On September 8, 2005, Warkentin signed the Acknowledgment of Acceptance and Delivery of Policy #6569089 ("Acknowledgment"). By signing the Acknowledgment, Warkentin agreed that he had read and understood Part 2 of the Application and represented it to be true, accurate and complete to the best of his knowledge. UMF 11. Warkentin also agreed that he was not aware of any information, other than what was disclosed, which might affect Federated's willingness to issue the Policy. UMF 13. The Acknowledgment clearly stated that Federated "may be able challenge payment of a claim under the policy if a response to any question misrepresented the truth or was untrue." UMF 14.

During the course of discovery in this action, Federated determined that Warkentin had undergone treatment from chiropractors during the years 2000, 2001, 2003, 2004 and 2005. UMF 19. Warkentin failed to disclose his chiropractic treatments in the Application. UMF 21. Warkentin's response of "No" in his Application to the question "Have you seen any other doctors, chiropractors, specialist, or therapists in the last 5 years . . ." was completely contrary to the testimony of Dr. Tru Chang, a chiropractor who treated Warkentin. UMF 20.

According to Dr. Chang's deposition testimony and the relevant medical records, Warkentin received treatment for shoulder pain, neck pain and recurring back pain. The medical records revealed that Warkentin was seen in the chiropractic office approximately forty (40) times during the period from November 22, 2000 to October 24, 2005. Exhibit A to Declaration of Daniel P. Costa.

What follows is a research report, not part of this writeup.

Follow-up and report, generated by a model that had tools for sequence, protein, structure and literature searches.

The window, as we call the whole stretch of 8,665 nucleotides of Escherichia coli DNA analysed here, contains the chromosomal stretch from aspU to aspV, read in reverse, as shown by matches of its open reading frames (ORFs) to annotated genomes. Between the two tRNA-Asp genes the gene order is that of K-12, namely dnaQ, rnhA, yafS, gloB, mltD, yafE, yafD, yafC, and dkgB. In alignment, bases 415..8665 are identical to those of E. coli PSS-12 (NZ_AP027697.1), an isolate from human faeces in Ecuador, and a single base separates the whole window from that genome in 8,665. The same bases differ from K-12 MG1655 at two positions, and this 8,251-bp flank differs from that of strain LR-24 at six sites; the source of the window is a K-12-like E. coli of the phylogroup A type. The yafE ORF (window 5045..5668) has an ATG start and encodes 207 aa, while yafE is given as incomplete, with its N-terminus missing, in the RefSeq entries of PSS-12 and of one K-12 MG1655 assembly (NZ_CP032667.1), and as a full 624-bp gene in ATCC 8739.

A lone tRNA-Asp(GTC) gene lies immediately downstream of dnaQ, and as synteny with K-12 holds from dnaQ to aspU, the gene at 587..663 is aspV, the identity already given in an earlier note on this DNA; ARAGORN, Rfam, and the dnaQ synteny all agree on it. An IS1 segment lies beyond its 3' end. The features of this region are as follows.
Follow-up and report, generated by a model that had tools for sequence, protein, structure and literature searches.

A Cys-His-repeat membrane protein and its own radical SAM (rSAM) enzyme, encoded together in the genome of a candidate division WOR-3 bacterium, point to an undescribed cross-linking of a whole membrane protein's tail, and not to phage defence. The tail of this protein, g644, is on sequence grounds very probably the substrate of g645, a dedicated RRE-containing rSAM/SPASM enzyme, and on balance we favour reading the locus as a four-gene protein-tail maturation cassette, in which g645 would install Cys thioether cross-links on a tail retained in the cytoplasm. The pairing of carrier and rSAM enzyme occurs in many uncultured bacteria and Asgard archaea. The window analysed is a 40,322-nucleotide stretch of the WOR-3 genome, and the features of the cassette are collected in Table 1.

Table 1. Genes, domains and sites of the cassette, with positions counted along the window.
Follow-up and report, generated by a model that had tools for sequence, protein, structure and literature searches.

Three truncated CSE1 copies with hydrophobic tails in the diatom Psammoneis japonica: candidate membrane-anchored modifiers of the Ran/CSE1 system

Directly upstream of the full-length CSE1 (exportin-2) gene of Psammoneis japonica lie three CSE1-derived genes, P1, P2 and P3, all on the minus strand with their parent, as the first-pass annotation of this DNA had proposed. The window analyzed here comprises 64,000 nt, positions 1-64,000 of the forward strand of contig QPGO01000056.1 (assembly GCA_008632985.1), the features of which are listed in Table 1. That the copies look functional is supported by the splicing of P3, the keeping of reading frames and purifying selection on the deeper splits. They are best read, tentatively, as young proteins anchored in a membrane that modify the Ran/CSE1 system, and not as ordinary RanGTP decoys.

Federated claims that based on Warkentin's misrepresentations of the truth and his failure to fully and accurately describe his chronic back pain in the Application, Federated has the legal right to deny any claims made by Warkentin under the Policy and to contest the Policy. In relevant part, the Policy states:

Contesting Your Policy

We may not contest this policy after it has been in force for 2 years during your lifetime. This excludes any fraudulent misrepresentation in your application . . . . Pre-existing Condition Limitations We won't contest your policy or deny a claim for a disability caused by a disease or physical condition which you fully and accurately described in your application for coverage, unless the condition is excluded from coverage by name or specific description. UMF 22-23.

DISCUSSION

A. Legal Standard

Summary judgment is appropriate "if the movant shows that there is no genuine dispute as to any material fact and the movant is entitled to judgment as a matter of law." Fed. R. Civ. P. 56(a). In order to prevail, a party moving for summary judgment must show the absence of a genuine issue of material fact with respect to an essential element of the non-moving party's claim, or to a defense on which the non-moving party will bear the burden of persuasion at trial. Celotex Corp. v. Catrett, 477 U.S. 317, 323, 106 S.Ct. 2548, 91 L.Ed.2d 265 (1986).

The initial burden of showing the absence of material factual issues rests on the proponent of a summary judgment. Once that burden is met, however, the opponent must counter with specific factual allegations revealing a genuine dispute of fact in order to preclude summary disposition. See Int. Un. of Bricklayers & Allied Craftsmen Local Union No. 20 v. Martin Jaska, Inc., 752 F.2d 1401, 1405 (9th Cir. 1985).

B. Analysis

The gravamen of Warkentin's claim is that Federated unlawfully denied him disability benefits for his disabling back pain under the Policy. Federated seeks summary judgment arguing that it is entitled to rescind the Policy based on Warkentin's fraudulent misrepresentations in his Application for the Policy.

1. Right to Rescind